“Right now, he’s his normal self, except for the news that he’s dealing with,” said a close friend who spoke on the condition of anonymity. “I bet he’ll be back at the Cape sailing this weekend. I expect he’ll go back to work” after the Memorial Day recess.

Senate Democrats and Republicans learned of Mr. Kennedy’s condition as they were gathered for their weekly closed-door party luncheons, and members of both parties were visibly shaken by the news.

As he opened debate on the Iraq spending bill, Senator Robert C. Byrd of West Virginia, at 90 the only current senator to serve longer than Mr. Kennedy, was distraught. “Ted, Ted, my dear friend, I love you and miss you,” Mr. Byrd said in halting remarks on the floor.

Malignant glioma is the most common form of brain cancer, accounting for about 9,000 cases diagnosed each year in the United States, according to the National Cancer Institute. They are more common in older people, especially those between the ages of 75 and 84, according to the American Cancer Society.

The prognosis varies depending on the type and severity of the tumor, and the patient’s age. The American Cancer Society said survival rates dropped with increasing age.

Dr. Patrick Y. Wen, clinical director of the Center for Neuro-Oncology at the Dana-Farber Cancer Institute, said the average prognosis for the most aggressive type of glioma was 14 to 15 months, while the prognosis for slower-growing tumors was two to four years.

“This is a sad situation,” Dr. Wen said. He said that such tumors can sometimes affect sensation, speech, or vision, and that tumors in older people tend to be harder to treat. “These are unfortunately aggressive tumors.”

Alain Charest, an assistant professor of neurosurgery at Tufts Medical Center, said if the tumor could be removed surgically doctors would do so, although gliomas are difficult to remove because cells from the tumor tend to travel to other parts of the brain. Radiation and chemotherapy usually follow surgery.

Dr. Carl B. Heilman, chairman of the department of neurosurgery at Tufts Medical Center, said that most people went back to work after a biopsy, and that many patients responded well to radiation therapy and oral chemotherapy at first.

Senator John Kerry of Massachusetts said on Tuesday in Washington that he had visited Mr. Kennedy over the weekend.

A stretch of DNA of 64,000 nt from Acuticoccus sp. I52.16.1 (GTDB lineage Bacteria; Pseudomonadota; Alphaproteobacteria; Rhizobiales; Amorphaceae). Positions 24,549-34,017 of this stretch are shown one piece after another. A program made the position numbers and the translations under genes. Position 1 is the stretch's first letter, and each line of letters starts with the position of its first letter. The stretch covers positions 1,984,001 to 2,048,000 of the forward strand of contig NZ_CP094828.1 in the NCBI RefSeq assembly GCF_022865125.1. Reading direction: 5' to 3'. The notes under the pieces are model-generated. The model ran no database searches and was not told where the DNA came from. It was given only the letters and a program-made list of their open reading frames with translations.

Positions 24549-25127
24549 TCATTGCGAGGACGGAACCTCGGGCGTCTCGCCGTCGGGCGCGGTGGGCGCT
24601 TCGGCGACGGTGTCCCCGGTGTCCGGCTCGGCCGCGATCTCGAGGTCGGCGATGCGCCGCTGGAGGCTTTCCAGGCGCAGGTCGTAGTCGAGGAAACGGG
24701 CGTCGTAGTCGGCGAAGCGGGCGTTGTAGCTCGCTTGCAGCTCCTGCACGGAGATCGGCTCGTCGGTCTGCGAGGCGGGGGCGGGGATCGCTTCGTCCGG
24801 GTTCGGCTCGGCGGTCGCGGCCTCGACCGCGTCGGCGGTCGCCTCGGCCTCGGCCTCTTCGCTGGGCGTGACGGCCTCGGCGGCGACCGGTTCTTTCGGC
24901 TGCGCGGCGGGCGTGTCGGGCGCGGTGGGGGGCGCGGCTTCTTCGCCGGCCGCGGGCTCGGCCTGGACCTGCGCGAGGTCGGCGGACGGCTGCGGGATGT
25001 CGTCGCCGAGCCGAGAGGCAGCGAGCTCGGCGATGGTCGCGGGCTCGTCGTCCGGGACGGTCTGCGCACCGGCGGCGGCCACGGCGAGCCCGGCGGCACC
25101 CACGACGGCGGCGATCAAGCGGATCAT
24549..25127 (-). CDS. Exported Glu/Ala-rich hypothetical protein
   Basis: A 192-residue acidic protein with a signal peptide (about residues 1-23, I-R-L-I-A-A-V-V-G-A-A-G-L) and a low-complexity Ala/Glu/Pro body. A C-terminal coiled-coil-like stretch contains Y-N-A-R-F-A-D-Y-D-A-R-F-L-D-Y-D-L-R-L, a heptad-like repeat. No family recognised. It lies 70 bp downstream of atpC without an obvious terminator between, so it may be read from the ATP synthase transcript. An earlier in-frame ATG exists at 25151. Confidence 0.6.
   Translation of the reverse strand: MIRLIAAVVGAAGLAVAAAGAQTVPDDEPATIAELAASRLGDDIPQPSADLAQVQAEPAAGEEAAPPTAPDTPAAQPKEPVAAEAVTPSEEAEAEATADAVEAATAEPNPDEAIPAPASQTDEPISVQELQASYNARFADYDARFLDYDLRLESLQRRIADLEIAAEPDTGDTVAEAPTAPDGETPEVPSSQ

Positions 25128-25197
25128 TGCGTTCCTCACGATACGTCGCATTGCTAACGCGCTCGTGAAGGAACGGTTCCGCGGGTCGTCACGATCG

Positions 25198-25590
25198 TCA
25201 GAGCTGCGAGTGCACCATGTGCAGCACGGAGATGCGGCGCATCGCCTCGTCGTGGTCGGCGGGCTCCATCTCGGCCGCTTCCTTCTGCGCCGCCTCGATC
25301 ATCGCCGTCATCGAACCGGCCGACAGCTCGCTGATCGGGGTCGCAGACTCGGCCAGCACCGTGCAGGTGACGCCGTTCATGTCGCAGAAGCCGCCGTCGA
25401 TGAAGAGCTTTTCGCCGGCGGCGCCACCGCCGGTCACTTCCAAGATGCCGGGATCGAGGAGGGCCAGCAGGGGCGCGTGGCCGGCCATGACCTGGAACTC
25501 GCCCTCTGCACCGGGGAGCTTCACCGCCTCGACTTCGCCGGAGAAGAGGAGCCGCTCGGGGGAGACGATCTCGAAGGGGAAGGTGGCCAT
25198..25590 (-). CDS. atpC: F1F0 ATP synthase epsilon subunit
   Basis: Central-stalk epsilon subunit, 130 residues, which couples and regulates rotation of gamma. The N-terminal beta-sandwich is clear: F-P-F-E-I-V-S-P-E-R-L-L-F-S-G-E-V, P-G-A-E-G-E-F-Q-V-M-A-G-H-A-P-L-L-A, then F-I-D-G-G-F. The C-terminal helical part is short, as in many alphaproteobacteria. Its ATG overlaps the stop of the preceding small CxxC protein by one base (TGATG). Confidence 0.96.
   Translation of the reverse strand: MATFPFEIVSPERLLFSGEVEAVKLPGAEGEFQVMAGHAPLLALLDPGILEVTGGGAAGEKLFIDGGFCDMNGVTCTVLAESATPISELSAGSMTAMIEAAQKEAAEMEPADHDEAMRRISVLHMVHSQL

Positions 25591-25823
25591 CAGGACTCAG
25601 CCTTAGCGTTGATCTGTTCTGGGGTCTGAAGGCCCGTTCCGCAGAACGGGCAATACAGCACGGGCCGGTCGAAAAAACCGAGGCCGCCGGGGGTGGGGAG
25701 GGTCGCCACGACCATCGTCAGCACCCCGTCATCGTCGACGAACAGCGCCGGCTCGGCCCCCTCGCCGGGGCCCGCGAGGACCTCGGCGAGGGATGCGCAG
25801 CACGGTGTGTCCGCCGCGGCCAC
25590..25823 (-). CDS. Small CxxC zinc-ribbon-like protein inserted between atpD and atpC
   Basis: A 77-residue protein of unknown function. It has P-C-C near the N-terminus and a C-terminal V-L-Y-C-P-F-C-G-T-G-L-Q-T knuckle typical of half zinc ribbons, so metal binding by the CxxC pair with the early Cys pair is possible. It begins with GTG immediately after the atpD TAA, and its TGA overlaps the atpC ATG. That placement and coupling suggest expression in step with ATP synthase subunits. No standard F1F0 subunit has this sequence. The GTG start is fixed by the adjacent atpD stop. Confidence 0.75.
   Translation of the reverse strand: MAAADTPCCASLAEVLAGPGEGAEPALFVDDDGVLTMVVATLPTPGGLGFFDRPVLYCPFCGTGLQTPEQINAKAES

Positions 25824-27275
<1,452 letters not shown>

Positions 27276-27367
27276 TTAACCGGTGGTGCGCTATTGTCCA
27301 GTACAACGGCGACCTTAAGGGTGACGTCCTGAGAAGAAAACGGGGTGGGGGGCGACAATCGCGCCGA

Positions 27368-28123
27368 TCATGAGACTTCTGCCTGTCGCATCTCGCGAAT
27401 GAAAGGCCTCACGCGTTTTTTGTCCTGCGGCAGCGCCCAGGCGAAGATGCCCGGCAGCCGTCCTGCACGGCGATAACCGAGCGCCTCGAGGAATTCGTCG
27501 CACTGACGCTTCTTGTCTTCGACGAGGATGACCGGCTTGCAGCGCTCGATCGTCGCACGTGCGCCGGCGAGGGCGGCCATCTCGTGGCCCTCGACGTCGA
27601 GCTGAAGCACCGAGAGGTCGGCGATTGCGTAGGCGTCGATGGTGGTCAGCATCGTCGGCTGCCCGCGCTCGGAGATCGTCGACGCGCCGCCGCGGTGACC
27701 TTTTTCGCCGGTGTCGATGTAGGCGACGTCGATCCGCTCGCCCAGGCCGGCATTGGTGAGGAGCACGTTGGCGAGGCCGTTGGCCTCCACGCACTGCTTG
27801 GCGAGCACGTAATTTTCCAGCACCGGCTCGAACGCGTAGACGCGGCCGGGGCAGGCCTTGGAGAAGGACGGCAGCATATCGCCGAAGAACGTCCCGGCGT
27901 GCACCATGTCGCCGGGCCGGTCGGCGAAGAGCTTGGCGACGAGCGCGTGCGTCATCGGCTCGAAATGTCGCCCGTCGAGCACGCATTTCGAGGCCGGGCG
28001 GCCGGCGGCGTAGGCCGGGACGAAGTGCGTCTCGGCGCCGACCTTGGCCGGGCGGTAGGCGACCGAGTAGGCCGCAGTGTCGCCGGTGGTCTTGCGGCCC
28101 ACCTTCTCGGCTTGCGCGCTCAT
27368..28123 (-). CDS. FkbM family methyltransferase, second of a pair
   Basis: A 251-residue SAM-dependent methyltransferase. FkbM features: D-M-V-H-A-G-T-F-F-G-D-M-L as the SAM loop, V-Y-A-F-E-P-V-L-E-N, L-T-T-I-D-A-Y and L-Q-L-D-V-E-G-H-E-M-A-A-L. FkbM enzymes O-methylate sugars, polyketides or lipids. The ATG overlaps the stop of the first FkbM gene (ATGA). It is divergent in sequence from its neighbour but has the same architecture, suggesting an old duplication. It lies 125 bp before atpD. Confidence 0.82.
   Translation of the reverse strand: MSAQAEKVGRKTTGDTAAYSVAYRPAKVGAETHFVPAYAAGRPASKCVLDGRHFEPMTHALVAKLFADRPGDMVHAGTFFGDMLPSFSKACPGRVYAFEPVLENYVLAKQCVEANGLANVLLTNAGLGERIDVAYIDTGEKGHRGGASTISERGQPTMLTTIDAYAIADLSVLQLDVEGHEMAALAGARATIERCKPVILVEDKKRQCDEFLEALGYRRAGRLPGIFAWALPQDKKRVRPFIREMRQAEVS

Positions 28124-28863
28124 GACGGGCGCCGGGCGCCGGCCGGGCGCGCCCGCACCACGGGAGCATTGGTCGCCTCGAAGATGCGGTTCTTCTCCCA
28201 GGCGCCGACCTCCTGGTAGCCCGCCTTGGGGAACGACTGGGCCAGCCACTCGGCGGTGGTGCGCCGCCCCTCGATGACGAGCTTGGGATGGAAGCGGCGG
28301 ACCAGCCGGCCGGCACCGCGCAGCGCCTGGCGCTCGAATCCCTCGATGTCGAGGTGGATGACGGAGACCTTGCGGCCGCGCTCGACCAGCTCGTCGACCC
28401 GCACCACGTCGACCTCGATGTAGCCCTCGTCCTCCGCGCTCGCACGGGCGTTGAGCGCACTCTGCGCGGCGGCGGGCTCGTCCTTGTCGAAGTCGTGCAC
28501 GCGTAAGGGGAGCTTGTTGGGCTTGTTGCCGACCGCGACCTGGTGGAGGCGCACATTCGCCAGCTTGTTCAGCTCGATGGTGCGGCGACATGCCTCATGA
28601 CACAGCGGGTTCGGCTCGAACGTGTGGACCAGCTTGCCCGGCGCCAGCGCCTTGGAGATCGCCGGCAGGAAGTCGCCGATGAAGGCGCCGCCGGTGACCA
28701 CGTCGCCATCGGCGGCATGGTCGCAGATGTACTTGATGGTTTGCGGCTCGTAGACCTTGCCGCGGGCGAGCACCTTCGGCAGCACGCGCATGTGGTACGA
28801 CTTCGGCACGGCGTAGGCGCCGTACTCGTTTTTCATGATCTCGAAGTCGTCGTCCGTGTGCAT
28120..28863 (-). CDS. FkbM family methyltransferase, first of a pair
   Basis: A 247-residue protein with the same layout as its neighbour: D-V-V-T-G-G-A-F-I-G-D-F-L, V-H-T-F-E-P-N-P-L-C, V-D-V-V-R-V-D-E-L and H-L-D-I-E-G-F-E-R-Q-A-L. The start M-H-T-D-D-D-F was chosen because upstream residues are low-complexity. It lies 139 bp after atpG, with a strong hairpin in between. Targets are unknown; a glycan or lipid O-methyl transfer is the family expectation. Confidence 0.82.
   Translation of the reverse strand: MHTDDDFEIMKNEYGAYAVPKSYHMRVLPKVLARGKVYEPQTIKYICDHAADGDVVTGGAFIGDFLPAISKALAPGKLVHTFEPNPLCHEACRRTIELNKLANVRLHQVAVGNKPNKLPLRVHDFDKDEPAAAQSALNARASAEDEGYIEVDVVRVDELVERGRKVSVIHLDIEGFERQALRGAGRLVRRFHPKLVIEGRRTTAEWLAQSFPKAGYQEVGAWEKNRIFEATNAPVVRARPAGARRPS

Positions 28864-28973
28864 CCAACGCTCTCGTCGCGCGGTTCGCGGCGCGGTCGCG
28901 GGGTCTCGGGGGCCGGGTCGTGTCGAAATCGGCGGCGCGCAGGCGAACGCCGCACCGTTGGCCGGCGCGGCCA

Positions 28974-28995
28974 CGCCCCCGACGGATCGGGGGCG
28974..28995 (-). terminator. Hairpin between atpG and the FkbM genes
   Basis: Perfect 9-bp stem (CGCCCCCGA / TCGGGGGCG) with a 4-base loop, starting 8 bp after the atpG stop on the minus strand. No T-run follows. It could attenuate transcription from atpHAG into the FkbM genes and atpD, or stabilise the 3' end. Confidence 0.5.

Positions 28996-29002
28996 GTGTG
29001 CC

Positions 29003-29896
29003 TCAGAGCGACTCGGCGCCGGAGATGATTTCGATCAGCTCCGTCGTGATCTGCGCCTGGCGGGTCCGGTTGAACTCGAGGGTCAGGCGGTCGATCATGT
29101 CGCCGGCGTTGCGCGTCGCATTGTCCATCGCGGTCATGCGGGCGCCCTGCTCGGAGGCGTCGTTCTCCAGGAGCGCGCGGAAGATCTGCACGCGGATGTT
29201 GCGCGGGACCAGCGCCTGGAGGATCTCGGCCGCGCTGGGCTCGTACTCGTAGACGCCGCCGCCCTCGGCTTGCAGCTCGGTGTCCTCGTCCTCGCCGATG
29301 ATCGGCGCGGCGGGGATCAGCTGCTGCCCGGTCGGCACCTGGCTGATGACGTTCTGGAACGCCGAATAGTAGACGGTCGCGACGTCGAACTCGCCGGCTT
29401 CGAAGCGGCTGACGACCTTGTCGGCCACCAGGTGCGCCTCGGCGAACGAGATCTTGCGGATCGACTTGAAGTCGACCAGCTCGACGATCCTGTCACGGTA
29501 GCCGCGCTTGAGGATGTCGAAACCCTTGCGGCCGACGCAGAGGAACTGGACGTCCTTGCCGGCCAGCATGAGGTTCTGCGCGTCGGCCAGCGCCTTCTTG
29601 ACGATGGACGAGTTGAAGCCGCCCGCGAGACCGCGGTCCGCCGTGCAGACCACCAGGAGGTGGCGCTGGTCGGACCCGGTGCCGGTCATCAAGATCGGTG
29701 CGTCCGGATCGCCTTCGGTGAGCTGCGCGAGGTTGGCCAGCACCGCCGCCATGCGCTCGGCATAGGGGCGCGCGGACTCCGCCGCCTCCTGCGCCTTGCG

“He’s in a fighting mood,” Mr. Kerry said. “He is asking questions about what the choices are for him. He’s deeply involved in making all the kinds of personal decisions that any of you would.”

Mr. Kerry added: “He would call you and help arrange a discussion with a bunch of doctors to talk about a wife who was sick or a child or any number of things — now everybody needs to do that on behalf of Ted. Everybody needs to pull for him and his family and remember that this guy is one unbelievable fighter.”

In Massachusetts, the impact of Mr. Kennedy’s persona and political legacy is hard to overestimate.

“There’ll never be another Ted Kennedy,” said Paul S. Grogan, president and chief executive of the Boston Foundation, which finances nonprofits involved in economic development and other state issues. “He’s sort of Horatio at the bridge. He’s been such an outsized figure, so influential, so effective.”

Mr. Grogan said that Mr. Kennedy had given Massachusetts a level of political prominence beyond what would normally be accorded a state of its size, and that he had helped engineer policies and financing mechanisms that benefited important sectors of the state, including universities and medical centers.

“He’s single-handedly postponed the onset of Massachusetts’s political decline,” Mr. Grogan said, adding, “His vigor, his vitality and his longevity has kind of encouraged us all to believe that he’s immortal, and we’ve gotten used to the idea that he’s going to be around forever. But this is a reminder that he’s not.”

Cameron Kerry, a lawyer who is the brother of Senator Kerry, said the news of the brain tumor was “like an earthquake,” adding, “He’s just such a colossus that this kind of shakes the ground underneath everything.”

Mr. Kerry said that “on a political level, he’s just been so good to my brother and to the whole family. He really is like family.”

Jack Connors, a businessman who is active in Democratic causes, said: “Ted Kennedy raised public service to an art form. Ted Kennedy has really been a hero for people who don’t really have much of a voice.”

Representative Barney Frank, Democrat of Massachusetts, called him “clearly the most influential senator in U.S. history.” Mr. Frank added: “His personality, his understanding of the legislative process, his dedication. He has a good sense of other people, a lot of empathy. And he hires first-rate people and knows how to benefit from them.”

Legislators close to Mr. Kennedy, like Senator Christopher J. Dodd, Democrat of Connecticut, said on Tuesday that they were certain Mr. Kennedy would return to work and would battle the tumor with his characteristic tenacity and energy.

“He’s a fighter,” said Representative Edward J. Markey, Democrat of Massachusetts, “and he’s definitely ready for this fight.”

Pam Belluck reported from Boston. Carl Hulse contributed reporting from Washington and Katie Zezima contributed reporting from Boston.


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Family and Friends Pray for Kennedy

Senator Edward Moore Kennedy

Senator Edward Kennedy in 2005. (AP Photo)